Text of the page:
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How to Use Shutter Priority Mode

Posted by Jacob Hawthorne on

How to Use Shutter Priority Mode

Shutter priority mode is the mode you should be using when your shutter speed is the most important element in your shoot. It allows you to choose your shutter speed and the camera will automatically adjust your aperture and exposure around these settings. This article will tell you all you need to know about this mode so you can use it correctly. 

Is Shutter Priority Mode Available on All Cameras?

Shutter priority mode may not be available on every camera, but it can be found on most of them. These include DSLR, interchangeable lens, mirrorless models, advanced compact models and even some phones with manual controls. 

When Should I Use Shutter Priority Mode? 

Here are a few instances where shutter priority mode may come in handy: 

  • When you are trying to stop action and need the shutter speed to be set faster than your subject’s movements. 

  • When you are trying to get blur in your image and need the shutter speed to be slower than your subject’s movements. 

  • When you are trying to get your shutter speed high enough to minimize camera shake. 

  • When the light is changing, or the subject is moving erratically.

How to Use Shutter Priority Mode

Shutter priority mode is simple to use. Just set it for the desired speed and the camera will do the rest. 

The mode is usually controlled by an S on the mode dial, but some older cameras may call it Tv for time value. Depending on how your camera works, you may be able to activate it with a dial or a quick menu. 

The camera will tell you your shutter speed. ½ is half a second, 2 is two settings. There is also a B or bulb setting that leaves the shutter open between button presses. This is a good mode for astrophotography.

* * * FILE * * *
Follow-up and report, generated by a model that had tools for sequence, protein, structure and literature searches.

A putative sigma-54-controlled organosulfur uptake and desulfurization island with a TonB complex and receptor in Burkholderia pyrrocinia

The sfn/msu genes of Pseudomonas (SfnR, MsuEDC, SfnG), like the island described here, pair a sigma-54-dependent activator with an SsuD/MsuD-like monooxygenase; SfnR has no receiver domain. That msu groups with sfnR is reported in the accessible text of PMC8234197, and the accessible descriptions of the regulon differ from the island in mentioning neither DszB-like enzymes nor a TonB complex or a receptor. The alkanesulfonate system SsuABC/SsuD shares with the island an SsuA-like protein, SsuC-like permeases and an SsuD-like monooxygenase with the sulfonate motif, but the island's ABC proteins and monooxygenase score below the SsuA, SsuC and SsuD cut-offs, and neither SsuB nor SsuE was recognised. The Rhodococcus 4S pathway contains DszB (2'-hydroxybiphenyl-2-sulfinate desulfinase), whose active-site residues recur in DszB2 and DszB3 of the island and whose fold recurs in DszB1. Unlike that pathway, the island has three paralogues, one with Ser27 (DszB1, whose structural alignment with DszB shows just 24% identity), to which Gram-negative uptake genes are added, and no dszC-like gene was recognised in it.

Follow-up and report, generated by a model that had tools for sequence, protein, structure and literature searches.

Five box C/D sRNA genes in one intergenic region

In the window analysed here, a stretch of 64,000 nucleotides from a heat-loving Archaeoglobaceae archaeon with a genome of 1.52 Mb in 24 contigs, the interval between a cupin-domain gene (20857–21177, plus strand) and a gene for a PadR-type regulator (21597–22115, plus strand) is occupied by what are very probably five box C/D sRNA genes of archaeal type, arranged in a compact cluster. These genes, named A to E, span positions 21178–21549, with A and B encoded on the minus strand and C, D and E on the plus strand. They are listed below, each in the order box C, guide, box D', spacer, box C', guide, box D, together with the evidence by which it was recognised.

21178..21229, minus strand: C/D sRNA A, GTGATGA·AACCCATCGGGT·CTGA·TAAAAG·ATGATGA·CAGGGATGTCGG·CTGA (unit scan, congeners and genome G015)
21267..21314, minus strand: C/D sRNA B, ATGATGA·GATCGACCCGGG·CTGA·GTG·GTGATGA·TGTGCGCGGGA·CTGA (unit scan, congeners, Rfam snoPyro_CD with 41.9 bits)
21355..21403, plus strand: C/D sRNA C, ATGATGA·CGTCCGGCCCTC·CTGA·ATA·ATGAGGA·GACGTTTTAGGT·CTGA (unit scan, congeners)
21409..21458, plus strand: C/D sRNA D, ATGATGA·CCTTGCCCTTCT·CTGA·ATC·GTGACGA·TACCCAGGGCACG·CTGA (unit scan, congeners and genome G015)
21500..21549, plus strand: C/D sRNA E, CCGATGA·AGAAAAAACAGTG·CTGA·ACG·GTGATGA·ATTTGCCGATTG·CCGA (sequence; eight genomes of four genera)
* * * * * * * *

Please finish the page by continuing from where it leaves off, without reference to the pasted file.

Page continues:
Choosing a Speed

The speed you choose will depend on what you’re photographing. Generally, you will want to stay with 1/80 as your slowest setting and 1/125 as your fastest setting. Keep in mind that the slower you go, the higher your risk of camera shake will be. 

Other Settings to Consider

Although Shutter Priority Mode will set your settings for you, you will have some freedom to play around to improve your images. Here are some settings you can work with. 

  • Meter and Exposure Compensation: The camera will not always offer you the proper exposure. If your photos are coming out too dark or too light, you may have to use exposure compensation to make up for it.  

  • Autofocus: Focus may also be an issue. If you are getting blurry pics, try using autofocus options that limit the area like expanded center point autofocus or center-point autofocus. 

  • ISO Sensitivity: ISO will typically set well in shutter priority mode, but you may see some issues if you are on the high end. Many cameras don’t do well with ISOs over 6400. If you are getting grainy images at high ISO settings, you may have to reduce your shutter speed. 

Shutter priority mode comes in handy when you really need to get on top of the action. Now that you know how to use it, you are ready to get some terrific shots. How will you be integrating it in your shoots? 

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